Plain packaging - a trademark concern for all? 11 Oct 11
Cigarette manufacturer Philip Morris International (PMI) has come out fighting at the Australian government’s latest bid to remove branding from tobacco trademarks, warning other industries that their marks may be next.
WTR previously reported on Australia’s Tobacco Plain Packaging Bill and last week the Government announced its intention to include cigarillos, cigars, rolling and pipe tobacco in its branding blitz, opening a public consultation on the proposals. Recalling how the move to strip the tobacco industry of its selling power began, PMI’s vice president of communications, Peter Nixon, sends a warning to brand owners in other industries which are the subject of health-related concerns, including fast food, sugar-based drinks and alcohol producers. Pointing to the proposed fizzy drink tax mooted by New York leaders last year – a move which has been echoed in French legislature this week – he says: “Taxation was used first to try and curb cigarette smoking so there is a cross over in the tactics being used.” He warns that alcohol brand owners could therefore find themselves on the trademark chopping block next: “Many proposals around the control of the sale of alcohol mirror what was done with tobacco.”
John Noble of the British Brands Association describes the fear that a ban on trademarks could be extended to industries other than tobacco as “highly speculative”, although he admits: “No one knows what’s going to happen.”
This week, however, the Union for International Cancer Control convenes in Wales to ask, among other questions, whether they should consider managing the retail environment and product marketing to combat tobacco and/or alcohol use. Similarly, the Australian lobby group National Alliance for Action on Alcohol “recommends the establishment of a comprehensive framework that will cover all forms of alcohol marketing and promotions, including point-of-sale promotions, print and media advertising, packaging, labelling, sponsorship, viral and internet campaigns”.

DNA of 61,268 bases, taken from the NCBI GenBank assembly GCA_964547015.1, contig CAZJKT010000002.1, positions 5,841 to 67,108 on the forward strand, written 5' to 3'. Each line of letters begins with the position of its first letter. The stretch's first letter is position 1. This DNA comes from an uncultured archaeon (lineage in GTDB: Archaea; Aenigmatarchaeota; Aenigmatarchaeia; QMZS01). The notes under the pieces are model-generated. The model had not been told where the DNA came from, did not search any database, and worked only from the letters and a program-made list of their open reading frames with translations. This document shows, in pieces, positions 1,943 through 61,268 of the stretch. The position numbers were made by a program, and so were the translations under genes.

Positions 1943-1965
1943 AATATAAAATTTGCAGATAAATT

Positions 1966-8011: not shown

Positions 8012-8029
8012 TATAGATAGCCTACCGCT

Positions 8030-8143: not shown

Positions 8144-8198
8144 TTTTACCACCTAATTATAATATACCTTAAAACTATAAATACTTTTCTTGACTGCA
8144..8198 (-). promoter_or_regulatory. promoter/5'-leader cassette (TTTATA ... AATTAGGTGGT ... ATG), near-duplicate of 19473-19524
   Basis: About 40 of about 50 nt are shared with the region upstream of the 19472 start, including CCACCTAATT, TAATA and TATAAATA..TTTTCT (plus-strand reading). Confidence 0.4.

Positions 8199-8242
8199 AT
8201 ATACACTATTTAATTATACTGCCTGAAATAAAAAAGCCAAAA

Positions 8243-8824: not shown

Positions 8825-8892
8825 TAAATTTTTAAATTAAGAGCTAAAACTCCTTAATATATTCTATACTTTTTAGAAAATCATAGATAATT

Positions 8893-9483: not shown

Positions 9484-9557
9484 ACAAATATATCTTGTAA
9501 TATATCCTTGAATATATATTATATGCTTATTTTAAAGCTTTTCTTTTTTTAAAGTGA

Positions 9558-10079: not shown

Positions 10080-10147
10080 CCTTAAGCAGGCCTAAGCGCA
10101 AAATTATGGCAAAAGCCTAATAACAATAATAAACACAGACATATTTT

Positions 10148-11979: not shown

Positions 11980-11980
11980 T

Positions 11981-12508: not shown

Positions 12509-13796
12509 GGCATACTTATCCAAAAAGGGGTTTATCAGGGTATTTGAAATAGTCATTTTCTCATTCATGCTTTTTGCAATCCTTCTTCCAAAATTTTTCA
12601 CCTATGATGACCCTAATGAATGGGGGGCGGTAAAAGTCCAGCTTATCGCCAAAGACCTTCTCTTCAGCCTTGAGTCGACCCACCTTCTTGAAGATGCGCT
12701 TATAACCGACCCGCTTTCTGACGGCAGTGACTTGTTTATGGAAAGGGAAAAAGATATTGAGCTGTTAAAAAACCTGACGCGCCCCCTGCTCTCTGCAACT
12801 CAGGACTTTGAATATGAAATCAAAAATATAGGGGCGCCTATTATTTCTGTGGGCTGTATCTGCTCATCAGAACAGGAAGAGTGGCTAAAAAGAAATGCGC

The potential plight of trademark owners outside the tobacco industry was raised by the International Trademark Association (INTA) in its submission to the Trademarks Amendment (Tobacco Plain Packaging) Bill 2011: “The precedent set by this bill could pave the way for future legislation that will target other industries and causes unpopular with the government of the day, such as fast food or the ‘green’ industry, and subject them to the uncertainties and burdens of potential ministerial fiat.” Meanwhile, Business Europe, in its submission, warned of the “dangerous precedent” the bill could set: “The proposed legislation has the potential to undermine the integrity of the international intellectual property system in relation to sectors other than tobacco – and not just in Australia but also in the rest of the world where the extent of protection of these rights can be far less robust.”
MARQUES, the Association of European Trademark Owners, is certainly “seriously concerned about the likely spill-over or domino effect that any plain packaging legislation on tobacco products may have on other industry sectors and products”. It states: “It is reasonable to expect that the adoption of plain packaging would constitute a precedent for other industry sectors, such as, among others, the alcohol, food, confectionary, cosmetics, automotive and mobile phone sectors, which – like the tobacco industry - are subject to increasing regulatory constraints.”
So is this still merely a tobacco industry matter? While it may appear so on the face of it, trademark user associations are clearly concerned over legislative moves to dismantle trademark rights - moves which raise important questions for all brand owners to consider.
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